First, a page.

Thursday, June 25, 2015

Fresh wild Alaskan salmon with roasted green salsa and garden herbs

Fresh Wild Copper River Sockeye Salmon with Roasted Salsa Verde and chopped herbs from the garden.

Editor's note: Cooking at home gives you the most control over what you're eating, and pricey ingredients like fresh wild salmon can be put on the table for surprisingly little when compared to a restaurant.


If you have the makings of a salad and a leftover side dish, such as organic brown rice, you can put a wild-salmon dinner on the table in 10 minutes for about $5 a person.

That's what I did on Tuesday night after my wife came home with a 1.5-pound fillet of Fresh Wild Copper River Sockeye Salmon from Costco Wholesale in Hackensack ($13.99 a pound).

Costco's price for this wonderful Alaskan salmon dropped $1 a pound since it first appeared at the end of May.

I cut the fillet into five serving pieces, and added a little sea salt from a grinder. Then, they went on a pre-heated grill pan for 10 minutes.

I could have poached the fillets in Whole Foods Market's 365 Everyday Value Roasted Salsa Verde, but decided to heat up the contents of a 16-ounce jar separately and spoon it over the salmon, when I plated it, and over the side dish of organic brown rice.

A fresh 1.5 pound skin-on fillet of wild salmon was $13.99 a pound on Tuesday at Costco Wholesale in Hackensack, a drop of $1 per pound.

While the salmon was grilling, I warmed up MSG-free Roasted Salsa Verde with fresh lime juice. Whole Foods Market in Paramus sells the medium-spicy green salsa in 16- and 24-ounce jars.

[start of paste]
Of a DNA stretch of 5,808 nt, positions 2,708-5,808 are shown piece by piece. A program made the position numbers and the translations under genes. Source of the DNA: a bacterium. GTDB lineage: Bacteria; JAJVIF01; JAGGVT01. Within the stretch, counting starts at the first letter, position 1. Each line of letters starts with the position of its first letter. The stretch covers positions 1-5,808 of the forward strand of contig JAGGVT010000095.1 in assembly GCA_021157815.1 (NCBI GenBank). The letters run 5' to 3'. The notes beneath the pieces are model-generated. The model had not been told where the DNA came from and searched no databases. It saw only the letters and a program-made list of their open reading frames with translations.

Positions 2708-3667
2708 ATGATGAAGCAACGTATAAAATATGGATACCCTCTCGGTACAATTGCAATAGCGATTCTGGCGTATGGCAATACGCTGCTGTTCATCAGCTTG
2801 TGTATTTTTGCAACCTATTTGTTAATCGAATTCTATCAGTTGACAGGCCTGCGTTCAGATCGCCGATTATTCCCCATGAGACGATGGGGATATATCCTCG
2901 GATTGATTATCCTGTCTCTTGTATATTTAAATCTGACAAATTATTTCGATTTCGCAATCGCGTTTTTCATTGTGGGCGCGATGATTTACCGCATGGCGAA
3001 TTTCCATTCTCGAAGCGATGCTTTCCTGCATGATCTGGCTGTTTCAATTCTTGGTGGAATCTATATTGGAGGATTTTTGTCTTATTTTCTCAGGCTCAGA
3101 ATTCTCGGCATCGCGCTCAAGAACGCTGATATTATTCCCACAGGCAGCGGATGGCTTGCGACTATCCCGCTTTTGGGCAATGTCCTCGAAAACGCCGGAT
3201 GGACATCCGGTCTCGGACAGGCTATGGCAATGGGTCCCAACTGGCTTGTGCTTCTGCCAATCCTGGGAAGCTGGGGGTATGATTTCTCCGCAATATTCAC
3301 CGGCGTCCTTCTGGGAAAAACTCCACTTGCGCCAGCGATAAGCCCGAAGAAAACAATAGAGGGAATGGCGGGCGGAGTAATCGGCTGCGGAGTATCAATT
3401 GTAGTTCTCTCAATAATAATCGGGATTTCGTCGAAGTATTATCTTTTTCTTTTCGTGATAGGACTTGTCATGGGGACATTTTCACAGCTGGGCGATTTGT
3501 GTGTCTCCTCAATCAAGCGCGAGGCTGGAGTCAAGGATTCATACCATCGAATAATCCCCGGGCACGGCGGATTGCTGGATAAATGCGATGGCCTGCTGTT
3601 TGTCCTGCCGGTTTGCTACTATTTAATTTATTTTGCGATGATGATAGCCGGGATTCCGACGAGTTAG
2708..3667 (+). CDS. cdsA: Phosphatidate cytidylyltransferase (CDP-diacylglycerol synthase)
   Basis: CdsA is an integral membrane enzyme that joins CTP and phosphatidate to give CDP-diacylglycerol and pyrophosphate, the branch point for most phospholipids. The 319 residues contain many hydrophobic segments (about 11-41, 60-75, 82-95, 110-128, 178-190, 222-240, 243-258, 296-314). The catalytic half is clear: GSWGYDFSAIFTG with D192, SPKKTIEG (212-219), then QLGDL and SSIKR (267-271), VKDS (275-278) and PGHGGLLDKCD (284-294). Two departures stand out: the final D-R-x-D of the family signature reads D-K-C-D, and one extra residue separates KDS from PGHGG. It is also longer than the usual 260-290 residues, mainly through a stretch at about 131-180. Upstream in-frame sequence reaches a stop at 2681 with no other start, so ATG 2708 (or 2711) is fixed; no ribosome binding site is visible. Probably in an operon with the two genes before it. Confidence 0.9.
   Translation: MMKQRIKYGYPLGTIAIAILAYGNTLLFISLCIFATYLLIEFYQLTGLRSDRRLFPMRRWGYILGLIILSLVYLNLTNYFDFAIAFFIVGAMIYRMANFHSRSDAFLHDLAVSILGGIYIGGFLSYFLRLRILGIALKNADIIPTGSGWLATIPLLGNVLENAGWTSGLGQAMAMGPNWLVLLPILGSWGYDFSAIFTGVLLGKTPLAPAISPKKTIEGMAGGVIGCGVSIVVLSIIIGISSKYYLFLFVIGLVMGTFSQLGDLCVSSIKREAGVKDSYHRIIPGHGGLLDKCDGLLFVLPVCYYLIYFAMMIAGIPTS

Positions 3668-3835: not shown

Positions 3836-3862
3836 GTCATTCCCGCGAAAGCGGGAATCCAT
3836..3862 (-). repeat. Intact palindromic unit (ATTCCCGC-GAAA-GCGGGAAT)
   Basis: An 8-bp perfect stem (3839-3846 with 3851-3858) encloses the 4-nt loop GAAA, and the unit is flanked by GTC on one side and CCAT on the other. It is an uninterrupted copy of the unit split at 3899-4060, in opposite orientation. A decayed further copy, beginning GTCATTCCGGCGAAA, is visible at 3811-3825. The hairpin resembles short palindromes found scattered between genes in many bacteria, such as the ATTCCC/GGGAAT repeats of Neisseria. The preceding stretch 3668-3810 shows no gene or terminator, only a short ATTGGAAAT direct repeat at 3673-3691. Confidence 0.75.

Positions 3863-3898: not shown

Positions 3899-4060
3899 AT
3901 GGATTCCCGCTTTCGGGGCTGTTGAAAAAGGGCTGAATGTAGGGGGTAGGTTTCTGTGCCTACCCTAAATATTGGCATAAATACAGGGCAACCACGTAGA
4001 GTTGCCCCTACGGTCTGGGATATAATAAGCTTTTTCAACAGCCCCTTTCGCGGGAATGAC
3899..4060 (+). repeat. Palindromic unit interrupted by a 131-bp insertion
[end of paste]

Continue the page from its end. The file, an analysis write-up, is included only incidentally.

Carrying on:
The serving pieces of salmon spend 8 minutes to 10 minutes on a pre-heated grill pan sprayed with oil. My All-Clad grill pan straddles two burners and I turn the heat on both of them to medium.

Another home-cooked dish is Cabbage and Salt Fish with a side of okra and Valentina Mexican Hot Sauce (Black Label).

More home cooking

Want to know what you're eating?

Buy the ingredients yourself and prepare them at home.

Two Costco Wholesale organic eggs -- fried in olive oil sunny side up -- with leftover organic brown rice, a great bread substitute. I seasoned them with Aleppo pepper, a spicier form of paprika; and chopped parsley, oregano and mint from the garden.

The chewy Armenian lavash I brought home from a new Hackensack restaurant, Lavash City Grill & Bakery, makes a wonderful snack spread with no-fat Greek yogurt and za'atar thyme mixture. I store the flat, unleavened, preservative-free bread in the refrigerator.
For breakfast, I supplemented a simple egg-white omelet I made at home with leftover falafel, tahini, muhammara and hummus from restaurants.
The last piece of wild salmon, right out of the fridge, made a great light dinner with a pile of organic greens dressed in Spanish extra-virgin olive oil and balsamic vinegar.
An organic-egg omelet using ingredients from Costco Wholesale in Hackensack, including reduced-fat Swiss cheese and Mexican salsa. I had it for breakfast with leftover organic brown rice, fresh chopped callaloo, bottom left; and leftover Chinese broccoli with fresh garlic from Lotus Cafe in Hackensack.

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